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How to Acquire a King in Checkers

Ordinary pieces in checkers all move one square at a time forward. They have a lot of limitations. The only piece in checkers that has multiple abilities and tremendous power is a checkers king. But kings are not given out for free in the game. We must work hard to acquire them. Here's a summary about crowned pieces as kings.

Unlike in chess where kings are a burden and quite helpless to defend themselves, kings in checkers are powerful. They can jump from one end of the board to the other. They can travel back and forth and catch an enemy piece long distance. But at the outset, when kings are yet to be worked out, ordinary pieces still aiming to be kings can't do anything except move a step at a time and capture a little. All ordinary pieces become kings only upon reaching the end row which is found inside the enemy's camp. When a piece survives the onslaughts of the enemy and reaches that row it is "crowned." We consider crowned pieces as kings.

Once a king, it is given special powers as mentioned above. It can offer tremendous help in eliminating as many enemy pieces as possible. With the right conditions, it can control a whole line on the boardólike when enemy pieces are not adjoining each other. When a king controls a line no enemy piece can cross it without getting captured instantly. In a more limited sense, it can also control two lines by doing so one at a time.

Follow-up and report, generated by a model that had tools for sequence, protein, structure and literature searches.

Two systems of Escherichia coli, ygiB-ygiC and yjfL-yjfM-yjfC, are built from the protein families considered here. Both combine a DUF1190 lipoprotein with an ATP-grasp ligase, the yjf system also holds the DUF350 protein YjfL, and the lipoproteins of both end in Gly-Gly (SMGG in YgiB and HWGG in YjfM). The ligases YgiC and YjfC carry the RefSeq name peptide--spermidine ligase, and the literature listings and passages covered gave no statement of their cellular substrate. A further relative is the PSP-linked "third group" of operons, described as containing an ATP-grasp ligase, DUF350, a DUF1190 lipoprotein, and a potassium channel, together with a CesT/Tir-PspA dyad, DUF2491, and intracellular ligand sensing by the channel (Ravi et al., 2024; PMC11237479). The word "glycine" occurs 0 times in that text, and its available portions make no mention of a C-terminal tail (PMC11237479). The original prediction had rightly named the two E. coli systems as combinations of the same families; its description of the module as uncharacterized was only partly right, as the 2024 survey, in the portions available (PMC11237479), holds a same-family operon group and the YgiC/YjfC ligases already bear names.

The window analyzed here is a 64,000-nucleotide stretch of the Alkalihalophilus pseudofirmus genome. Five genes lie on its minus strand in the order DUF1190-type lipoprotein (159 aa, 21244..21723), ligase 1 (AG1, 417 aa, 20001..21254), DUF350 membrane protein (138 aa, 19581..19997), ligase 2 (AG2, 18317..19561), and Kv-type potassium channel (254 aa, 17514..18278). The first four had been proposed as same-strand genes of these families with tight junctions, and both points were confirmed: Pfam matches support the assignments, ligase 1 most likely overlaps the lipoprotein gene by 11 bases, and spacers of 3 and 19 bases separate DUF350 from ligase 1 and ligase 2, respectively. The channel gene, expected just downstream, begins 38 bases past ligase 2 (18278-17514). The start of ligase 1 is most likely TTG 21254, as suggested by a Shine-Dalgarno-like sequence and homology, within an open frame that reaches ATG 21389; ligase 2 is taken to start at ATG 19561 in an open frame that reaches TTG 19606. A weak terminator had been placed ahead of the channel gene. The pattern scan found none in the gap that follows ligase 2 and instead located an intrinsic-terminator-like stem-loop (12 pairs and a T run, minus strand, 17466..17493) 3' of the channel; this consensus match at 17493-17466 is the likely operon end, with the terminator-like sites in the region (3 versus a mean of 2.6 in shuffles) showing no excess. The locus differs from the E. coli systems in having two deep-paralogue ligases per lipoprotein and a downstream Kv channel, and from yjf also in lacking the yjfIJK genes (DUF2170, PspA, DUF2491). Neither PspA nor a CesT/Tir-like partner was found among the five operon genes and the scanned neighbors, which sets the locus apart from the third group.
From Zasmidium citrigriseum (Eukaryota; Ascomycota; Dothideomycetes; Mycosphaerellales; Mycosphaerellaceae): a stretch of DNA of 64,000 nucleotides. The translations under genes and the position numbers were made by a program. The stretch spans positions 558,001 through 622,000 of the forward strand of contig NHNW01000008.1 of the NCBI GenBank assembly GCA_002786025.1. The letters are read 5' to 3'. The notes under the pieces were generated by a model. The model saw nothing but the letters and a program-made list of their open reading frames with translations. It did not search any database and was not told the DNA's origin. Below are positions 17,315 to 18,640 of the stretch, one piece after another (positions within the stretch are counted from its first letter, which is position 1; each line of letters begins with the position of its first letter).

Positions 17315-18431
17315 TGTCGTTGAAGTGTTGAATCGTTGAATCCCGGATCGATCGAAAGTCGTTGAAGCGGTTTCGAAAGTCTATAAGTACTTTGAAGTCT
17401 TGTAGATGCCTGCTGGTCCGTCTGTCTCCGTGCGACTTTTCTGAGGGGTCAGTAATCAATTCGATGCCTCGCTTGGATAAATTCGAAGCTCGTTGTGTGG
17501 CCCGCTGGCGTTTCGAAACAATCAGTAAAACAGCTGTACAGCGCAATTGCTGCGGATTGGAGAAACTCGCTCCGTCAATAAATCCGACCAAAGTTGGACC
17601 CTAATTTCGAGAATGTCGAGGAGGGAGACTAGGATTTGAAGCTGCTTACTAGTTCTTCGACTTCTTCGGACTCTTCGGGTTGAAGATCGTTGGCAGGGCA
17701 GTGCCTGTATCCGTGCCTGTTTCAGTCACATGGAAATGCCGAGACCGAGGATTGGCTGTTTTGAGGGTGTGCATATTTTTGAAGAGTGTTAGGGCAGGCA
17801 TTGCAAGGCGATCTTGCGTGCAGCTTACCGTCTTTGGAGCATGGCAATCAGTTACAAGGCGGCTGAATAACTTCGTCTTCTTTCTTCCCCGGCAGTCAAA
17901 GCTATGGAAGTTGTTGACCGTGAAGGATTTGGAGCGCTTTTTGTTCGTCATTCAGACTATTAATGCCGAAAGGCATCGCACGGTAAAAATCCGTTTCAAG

But kings are only as powerful as the skill level of the player handling it. Even kings can be captured if the player is not careful. Thus, it would be better to aim for more than one king. Each piece has the potential to turn king if it satisfies the requirement. But in most games only 2 or 3 kings are possible. Most pieces become casualties in a capturing spree. But if we're skillful enough one king is sufficient to stop the enemy.

A winner in a checkers game is judged in two ways: who has at least a surviving piece, or who has the most kings. When no kings are produced by both players, the player still with at least a piece in the end wins. When both have kings, the player with the most number of kings wins.

Thus, in a checkers game, it is important to have pieces reach the end row. Then, both players consider crowned pieces as kings.